Creatinine is a chemical waste product produced by muscle metabolism. When your kidneys are functioning normally, they filter creatinine and other waste products out of your blood. These waste products are removed from your body through urination.
A creatinine urine test measures the amount of creatinine in your urine. The test can help your doctor evaluate how well your kidneys are functioning. This is useful for diagnosing or ruling out kidney disease and other conditions affecting the kidneys.
Your doctor may use a random urine sample to test for creatinine. However, they’ll order a urine 24-hour volume test in most cases. Although one sample of urine can be tested for creatinine, it’s more accurate to collect the urine for a whole day to get that value. The creatinine in your urine can vary a lot based on diet, exercise, and hydration levels, so a spot check is not as helpful. As the name suggests, this creatinine urine test measures the amount of urine produced in a day. It isn’t a painful test, and there aren’t any risks associated with it.
The 24-hour volume test is noninvasive and involves only the collection of urine. You’ll be given one or more containers for collecting and storing urine. Since this test involves collecting and storing urine for a 24-hour period, you may want to consider scheduling the test for a day when you’re at home.
Before the test, you should do the following:
- Tell your doctor if you’re pregnant or think you may be pregnant.
- Tell your doctor about any supplements or prescription and over-the-counter medications you’re taking. Some supplements and drugs can interfere with the test results. Your doctor can tell you which ones to avoid.
- Avoid certain foods or beverages if advised by your doctor.
- Ask your doctor if you need to begin the test at a particular time of day.
- Make sure you understand when and where you should return the container of urine.
To perform the test, you’ll use a special container to collect your urine for the next 24 hours. Ask your doctor how to collect urine if you’re unsure of the process. Failure to follow instructions could lead to false results, which means you may have to repeat the test.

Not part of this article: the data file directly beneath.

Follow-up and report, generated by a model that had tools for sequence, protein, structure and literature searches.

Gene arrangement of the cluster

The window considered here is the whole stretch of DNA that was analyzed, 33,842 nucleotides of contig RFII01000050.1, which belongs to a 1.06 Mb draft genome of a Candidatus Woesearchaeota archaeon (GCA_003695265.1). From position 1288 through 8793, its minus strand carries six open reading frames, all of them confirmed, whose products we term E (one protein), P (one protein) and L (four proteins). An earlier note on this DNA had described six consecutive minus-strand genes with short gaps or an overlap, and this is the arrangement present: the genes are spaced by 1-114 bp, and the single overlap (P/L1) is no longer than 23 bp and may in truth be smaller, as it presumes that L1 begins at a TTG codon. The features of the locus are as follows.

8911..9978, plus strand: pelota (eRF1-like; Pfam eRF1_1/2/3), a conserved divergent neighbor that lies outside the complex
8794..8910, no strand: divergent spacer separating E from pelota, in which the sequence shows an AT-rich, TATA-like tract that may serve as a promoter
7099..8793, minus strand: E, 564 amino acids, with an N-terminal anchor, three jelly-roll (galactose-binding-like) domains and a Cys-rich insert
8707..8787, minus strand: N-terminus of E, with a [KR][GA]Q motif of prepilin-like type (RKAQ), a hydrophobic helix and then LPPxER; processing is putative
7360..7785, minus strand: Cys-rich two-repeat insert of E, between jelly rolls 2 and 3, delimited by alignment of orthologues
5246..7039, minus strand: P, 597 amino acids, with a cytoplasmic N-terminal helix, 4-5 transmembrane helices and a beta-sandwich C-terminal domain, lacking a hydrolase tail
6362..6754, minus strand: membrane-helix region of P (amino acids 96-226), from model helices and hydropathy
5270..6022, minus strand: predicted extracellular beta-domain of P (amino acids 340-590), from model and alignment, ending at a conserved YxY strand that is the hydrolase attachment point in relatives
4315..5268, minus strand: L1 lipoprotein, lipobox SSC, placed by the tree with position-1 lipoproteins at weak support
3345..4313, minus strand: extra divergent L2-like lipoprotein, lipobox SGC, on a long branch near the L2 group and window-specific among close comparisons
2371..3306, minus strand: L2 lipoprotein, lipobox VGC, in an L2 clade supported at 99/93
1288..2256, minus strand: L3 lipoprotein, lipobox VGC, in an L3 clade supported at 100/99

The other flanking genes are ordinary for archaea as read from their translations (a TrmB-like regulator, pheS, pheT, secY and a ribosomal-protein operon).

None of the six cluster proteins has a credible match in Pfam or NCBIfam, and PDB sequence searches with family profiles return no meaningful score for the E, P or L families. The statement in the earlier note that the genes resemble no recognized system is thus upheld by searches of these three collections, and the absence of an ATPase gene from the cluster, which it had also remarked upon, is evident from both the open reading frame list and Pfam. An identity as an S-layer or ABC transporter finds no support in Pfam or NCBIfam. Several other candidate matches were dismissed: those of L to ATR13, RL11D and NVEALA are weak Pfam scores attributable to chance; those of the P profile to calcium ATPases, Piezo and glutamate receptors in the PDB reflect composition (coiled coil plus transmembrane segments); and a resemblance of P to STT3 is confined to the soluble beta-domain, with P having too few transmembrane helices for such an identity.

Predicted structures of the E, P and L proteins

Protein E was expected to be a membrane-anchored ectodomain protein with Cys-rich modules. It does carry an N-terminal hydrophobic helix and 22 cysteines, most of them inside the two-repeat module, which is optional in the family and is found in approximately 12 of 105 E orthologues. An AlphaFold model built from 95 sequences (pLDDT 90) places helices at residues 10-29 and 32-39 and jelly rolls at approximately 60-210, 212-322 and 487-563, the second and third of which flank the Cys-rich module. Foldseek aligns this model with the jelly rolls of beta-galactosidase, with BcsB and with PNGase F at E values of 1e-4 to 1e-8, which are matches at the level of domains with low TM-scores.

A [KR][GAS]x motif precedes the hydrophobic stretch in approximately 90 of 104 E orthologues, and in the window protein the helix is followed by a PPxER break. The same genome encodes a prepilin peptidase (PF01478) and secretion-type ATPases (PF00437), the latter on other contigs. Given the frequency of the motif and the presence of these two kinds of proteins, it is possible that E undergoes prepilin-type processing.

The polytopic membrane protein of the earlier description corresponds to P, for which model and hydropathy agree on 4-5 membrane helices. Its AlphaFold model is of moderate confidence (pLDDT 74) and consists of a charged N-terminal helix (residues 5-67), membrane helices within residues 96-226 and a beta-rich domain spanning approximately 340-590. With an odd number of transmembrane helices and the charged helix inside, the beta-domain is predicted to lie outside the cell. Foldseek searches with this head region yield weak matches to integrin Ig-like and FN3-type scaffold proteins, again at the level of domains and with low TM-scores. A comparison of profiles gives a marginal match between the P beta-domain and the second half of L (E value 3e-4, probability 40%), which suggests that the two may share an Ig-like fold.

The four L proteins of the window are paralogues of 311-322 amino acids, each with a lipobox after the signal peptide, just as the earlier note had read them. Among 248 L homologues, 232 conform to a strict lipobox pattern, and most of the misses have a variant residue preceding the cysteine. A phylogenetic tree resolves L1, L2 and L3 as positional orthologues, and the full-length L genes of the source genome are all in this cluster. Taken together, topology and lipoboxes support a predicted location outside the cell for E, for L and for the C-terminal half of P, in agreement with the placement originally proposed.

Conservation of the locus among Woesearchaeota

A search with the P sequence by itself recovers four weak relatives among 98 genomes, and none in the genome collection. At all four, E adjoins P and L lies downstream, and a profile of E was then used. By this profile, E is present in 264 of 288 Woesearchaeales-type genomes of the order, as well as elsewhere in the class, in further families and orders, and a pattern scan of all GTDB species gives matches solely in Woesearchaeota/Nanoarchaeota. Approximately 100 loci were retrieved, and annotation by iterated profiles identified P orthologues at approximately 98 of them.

The test should begin at a specific time and end at the same time on the following day.
- On the first day, don’t collect the urine from your first time urinating. However, make sure you note and record the time. This will be the start time of the 24-hour volume test.
- Collect all your urine for the next 24 hours. Keep the storage container refrigerated throughout the process.
- On the second day, try to urinate around the same time that the test started on the first day.
- When the 24-hour period is over, cap the container and promptly return it to the lab or doctor’s office as instructed.
- Be sure to tell your doctor if you were unable to follow all the instructions. You should report any missed urine, spilled urine, or urine collected after the 24-hour time period ended. You should also tell them if you were unable to store the container of urine in a cool place.
There are natural variations in creatinine output due to age and body mass. The more muscular you are, the higher your range will be. It’s also important to note that not all laboratories use the same values. Results are dependent on the proper collection of your urine sample.
Normal urine creatinine values generally range from 955 to 2,936 milligrams (mg) per 24 hours for males, and 601 to 1,689 mg per 24 hours for females, according to the . Creatinine values that fall outside the normal range may be an indication of:
- kidney disease
- kidney infection
- kidney failure
- urinary tract obstruction, such as kidney stones
- late-stage muscular dystrophy
- myasthenia gravis
Abnormal values can also occur in people who have diabetes or a diet that’s high in meat or other proteins.
It’s very difficult to evaluate the test results on your own. You should discuss your results with your doctor.
Depending on your results, your doctor may order a serum creatinine test. This is a type of blood test that measures the amount of creatinine in your blood. Your doctor may use it to help confirm a diagnosis.